The streets of London town may not be paved with gold, but they're still the best place in the UK to find a top paying IT job.
Shares in Scottish telecoms and Internet outfit - Thus - rose a tad in early trading amid news of increased turnover and narrowing losses.
New technology backer, Durlacher, is going to post a 'substantial trading loss' for the year ended 30 June, because the market hasn't been going well, and in fact 'worsened over the past few months.'
Psion announced today it will sack 250 staff in a shake-up of Psion Digital, after disappointing handheld and phone sales. It will also put back the Bluetooth products it said it would launch this year to next year, due to slow take-up.
Compaq is to axe another 4,000 staff due to the PC sales slump.
Beleaguered telecoms manufacturer Lucent has said it will lay off three in 10 of its top managers as part of a wide ranging restructuring program designed to cut its operating expenses.
The Uniform Dispute Resolution Policy (UDRP) is an exceptionally important Internet process and stands to become all the more important in years to come. It is being adopted by new top-level domains; ICANN and WIPO are pushing it into the wider international arena and country-code TLDs; and the European Union plans to adopt it for the new .eu domain.
This is the second part of our in-depth rundown on why the Uniform Dispute Resolution Policy - the rules used by ICANN and WIPO to decide who should own a particular domain - are flawed and why a fast and effective overhaul is essential before it is taken as the de facto policy on domain disputes.
Intel has suspended the shipment of a top of the range server processor after the discovery of a bug that could cause servers to crash.
Analysts Salomon Smith Barney downgraded SGI an 'underperform' yesterday, taking the stock below a dollar.
For the third time this year, NTT DoCoMo is to recall iMode mobile handsets for repair.
BT is to offer bundled digital TV services alongside its residential telephone service in a bid to compete with the UK's cable companies.
It's a sad fact that in the modern world - well, the modern media - everything either has to be an evil, corrupting influence, destroyer of children and rapist of culture. Or it is the saviour, the Christ-figure that will makes our times the greatest in all humanity.
Review You've got to hand it to Sony – it knows how to make an attractive gadget. Its latest lovely-looking creation is dubbed Communication, Link, Information and Entertainment – or put simply, Clié.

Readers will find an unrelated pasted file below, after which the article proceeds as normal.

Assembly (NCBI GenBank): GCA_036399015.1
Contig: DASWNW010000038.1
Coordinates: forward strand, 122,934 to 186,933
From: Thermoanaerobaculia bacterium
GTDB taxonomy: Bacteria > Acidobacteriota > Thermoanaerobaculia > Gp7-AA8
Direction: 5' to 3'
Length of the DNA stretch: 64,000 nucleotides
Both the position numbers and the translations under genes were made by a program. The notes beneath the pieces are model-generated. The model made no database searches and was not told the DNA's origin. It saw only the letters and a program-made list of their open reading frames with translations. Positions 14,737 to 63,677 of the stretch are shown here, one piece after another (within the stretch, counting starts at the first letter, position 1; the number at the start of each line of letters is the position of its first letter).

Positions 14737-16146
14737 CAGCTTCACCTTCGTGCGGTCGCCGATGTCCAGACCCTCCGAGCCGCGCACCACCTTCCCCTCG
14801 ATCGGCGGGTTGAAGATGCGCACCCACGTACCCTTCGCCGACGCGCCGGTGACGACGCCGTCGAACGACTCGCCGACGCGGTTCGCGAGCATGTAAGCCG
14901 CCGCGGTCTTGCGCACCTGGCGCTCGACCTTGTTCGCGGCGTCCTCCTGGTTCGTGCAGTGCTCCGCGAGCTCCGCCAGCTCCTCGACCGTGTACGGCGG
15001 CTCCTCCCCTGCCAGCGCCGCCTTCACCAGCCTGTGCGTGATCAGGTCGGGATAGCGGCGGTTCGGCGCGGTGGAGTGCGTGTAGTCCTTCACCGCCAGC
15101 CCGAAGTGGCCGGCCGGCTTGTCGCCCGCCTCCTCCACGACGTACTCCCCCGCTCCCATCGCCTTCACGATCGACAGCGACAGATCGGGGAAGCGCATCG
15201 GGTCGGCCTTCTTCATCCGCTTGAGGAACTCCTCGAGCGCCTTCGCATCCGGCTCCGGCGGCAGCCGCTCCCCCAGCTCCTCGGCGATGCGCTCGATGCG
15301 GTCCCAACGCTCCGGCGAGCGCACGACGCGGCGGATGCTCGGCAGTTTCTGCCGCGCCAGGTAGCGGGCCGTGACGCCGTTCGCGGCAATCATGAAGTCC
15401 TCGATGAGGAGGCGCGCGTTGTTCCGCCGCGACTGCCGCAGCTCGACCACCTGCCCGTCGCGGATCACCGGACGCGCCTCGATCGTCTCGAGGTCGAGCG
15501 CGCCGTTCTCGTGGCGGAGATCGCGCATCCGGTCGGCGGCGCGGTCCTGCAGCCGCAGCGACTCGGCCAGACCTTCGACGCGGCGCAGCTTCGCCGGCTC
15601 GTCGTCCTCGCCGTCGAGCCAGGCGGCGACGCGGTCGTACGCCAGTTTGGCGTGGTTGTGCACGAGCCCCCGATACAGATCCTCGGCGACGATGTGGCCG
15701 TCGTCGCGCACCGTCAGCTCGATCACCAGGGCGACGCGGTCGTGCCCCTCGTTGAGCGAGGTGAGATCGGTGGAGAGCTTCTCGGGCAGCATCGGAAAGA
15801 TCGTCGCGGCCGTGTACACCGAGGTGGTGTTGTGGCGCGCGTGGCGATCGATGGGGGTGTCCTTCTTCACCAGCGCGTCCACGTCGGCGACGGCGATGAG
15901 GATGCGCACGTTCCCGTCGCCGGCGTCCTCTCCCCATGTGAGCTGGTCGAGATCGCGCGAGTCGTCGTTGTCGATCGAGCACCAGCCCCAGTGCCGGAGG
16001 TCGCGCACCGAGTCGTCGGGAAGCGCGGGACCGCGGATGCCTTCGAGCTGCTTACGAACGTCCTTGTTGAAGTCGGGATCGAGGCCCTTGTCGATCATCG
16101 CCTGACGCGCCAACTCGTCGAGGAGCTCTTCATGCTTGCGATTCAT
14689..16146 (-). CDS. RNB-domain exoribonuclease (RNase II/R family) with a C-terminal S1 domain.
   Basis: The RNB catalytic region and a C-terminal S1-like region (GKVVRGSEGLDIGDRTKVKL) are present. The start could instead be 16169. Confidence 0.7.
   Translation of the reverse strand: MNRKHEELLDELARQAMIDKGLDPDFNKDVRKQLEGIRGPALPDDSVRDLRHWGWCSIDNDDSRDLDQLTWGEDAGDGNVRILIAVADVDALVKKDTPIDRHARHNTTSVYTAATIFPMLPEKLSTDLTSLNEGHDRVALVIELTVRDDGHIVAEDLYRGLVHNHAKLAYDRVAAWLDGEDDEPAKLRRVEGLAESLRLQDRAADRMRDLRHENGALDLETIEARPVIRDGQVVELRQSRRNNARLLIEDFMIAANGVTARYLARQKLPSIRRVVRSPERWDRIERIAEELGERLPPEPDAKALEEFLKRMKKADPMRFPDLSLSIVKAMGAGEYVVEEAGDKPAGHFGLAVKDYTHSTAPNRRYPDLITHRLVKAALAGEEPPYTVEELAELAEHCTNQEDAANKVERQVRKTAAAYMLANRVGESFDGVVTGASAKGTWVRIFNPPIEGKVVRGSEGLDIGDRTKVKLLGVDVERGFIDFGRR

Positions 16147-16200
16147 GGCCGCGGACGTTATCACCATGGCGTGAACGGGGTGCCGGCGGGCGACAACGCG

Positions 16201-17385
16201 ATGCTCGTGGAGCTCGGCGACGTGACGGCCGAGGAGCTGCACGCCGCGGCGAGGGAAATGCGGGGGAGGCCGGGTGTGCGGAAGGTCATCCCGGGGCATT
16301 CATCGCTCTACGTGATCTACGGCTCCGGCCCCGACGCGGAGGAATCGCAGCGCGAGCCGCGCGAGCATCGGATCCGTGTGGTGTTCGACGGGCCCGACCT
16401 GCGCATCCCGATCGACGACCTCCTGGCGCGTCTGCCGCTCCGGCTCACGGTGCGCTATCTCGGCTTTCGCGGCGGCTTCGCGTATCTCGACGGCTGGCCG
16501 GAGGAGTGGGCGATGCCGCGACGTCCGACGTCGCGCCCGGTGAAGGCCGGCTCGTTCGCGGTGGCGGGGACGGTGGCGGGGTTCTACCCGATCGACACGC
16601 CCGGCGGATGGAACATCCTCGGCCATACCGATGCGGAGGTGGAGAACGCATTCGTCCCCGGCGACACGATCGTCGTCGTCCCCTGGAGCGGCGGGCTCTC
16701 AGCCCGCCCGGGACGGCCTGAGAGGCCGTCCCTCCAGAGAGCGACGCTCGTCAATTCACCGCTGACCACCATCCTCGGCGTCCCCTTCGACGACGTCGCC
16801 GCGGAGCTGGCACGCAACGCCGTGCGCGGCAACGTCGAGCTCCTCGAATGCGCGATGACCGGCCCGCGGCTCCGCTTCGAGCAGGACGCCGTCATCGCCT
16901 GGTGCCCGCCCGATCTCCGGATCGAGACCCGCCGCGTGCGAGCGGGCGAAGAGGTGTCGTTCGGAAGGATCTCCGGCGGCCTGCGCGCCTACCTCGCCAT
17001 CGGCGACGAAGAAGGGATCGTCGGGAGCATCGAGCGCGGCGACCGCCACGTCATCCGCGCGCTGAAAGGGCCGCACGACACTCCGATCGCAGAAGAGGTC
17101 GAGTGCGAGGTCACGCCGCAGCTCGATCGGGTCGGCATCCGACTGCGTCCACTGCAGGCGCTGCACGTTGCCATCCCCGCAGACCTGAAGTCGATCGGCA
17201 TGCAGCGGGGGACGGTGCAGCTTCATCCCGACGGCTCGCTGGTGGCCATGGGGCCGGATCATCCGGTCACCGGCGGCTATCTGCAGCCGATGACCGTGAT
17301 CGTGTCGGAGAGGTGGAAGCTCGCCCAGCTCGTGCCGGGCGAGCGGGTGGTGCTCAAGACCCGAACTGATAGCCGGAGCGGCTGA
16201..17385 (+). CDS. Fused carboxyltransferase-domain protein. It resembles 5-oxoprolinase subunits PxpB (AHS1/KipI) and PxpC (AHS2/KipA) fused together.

NEC has shown off the technology for 0.10 micron processors it plans to have in production by the start of 2003. The chips will be used in next gen consumer electronics devices, mobile phones, and Net servers.
Tax officials in Los Angeles have come up with a great idea to swell their coffers - taxing companies for their goods in outer space. By goods, read satellites orbiting Earth.
More than 15 per cent of Americans spend their time surfing the Net from the workplace.
A European committee has blocked plans to outlaw unsolicited commercial email dealing a major blow to anti-spam supporters.
Prices for 128Mb memory chips continued to nosedive last month for both the spot and contract markets.
The headquarters of all the four main mobile operators in the UK - BT Cellent, One2One, Orange and Vodafone - have been raided this afternoon by officers from the EU's Competition Directorate, escorted by members of the Office of Fair Trading. A further four offices in Germany were also raided.
IBM is making the most of the memory price crash by doubling up the SDRAM on some ThinkPad models and pretending the deal is a once in a life time opportunity.
As reported here earlier, Amazon has pulled prices for Windows XP from its site; it has subsequently stopped taking pre-orders for XP - allegedly until Microsoft has set the prices for the product. Well, ahem. Are we expected to believe that Amazon had some kind of corporate brainstorm and just made up prices for XP?
The case against online snooping by AOL through its SmartDownload software has had a further boost thanks to the decision by a federal judge that people are not bound by the company's online contract as they did not actively agree to it.
Adobe has refuted suggestions that it's cool about the current state of Mac OS X, telling us today that Illustrator and InDesign will be the first to appear on Mac OS X.
Intel is placing its bets on a technology it invented in 1970 for next generation memory.
Microsoft hooked the rotting corpse of Netscape to a drip feed today by almost - shock, horror - agreeing with a court that said it had done Bad Things. The company statement simply repeats what the appeals court said rather than saying the appeals court was right, but a whole bunch of stuff it had previously insisted was non-negotiable and technically impossible is now going to roll with XP.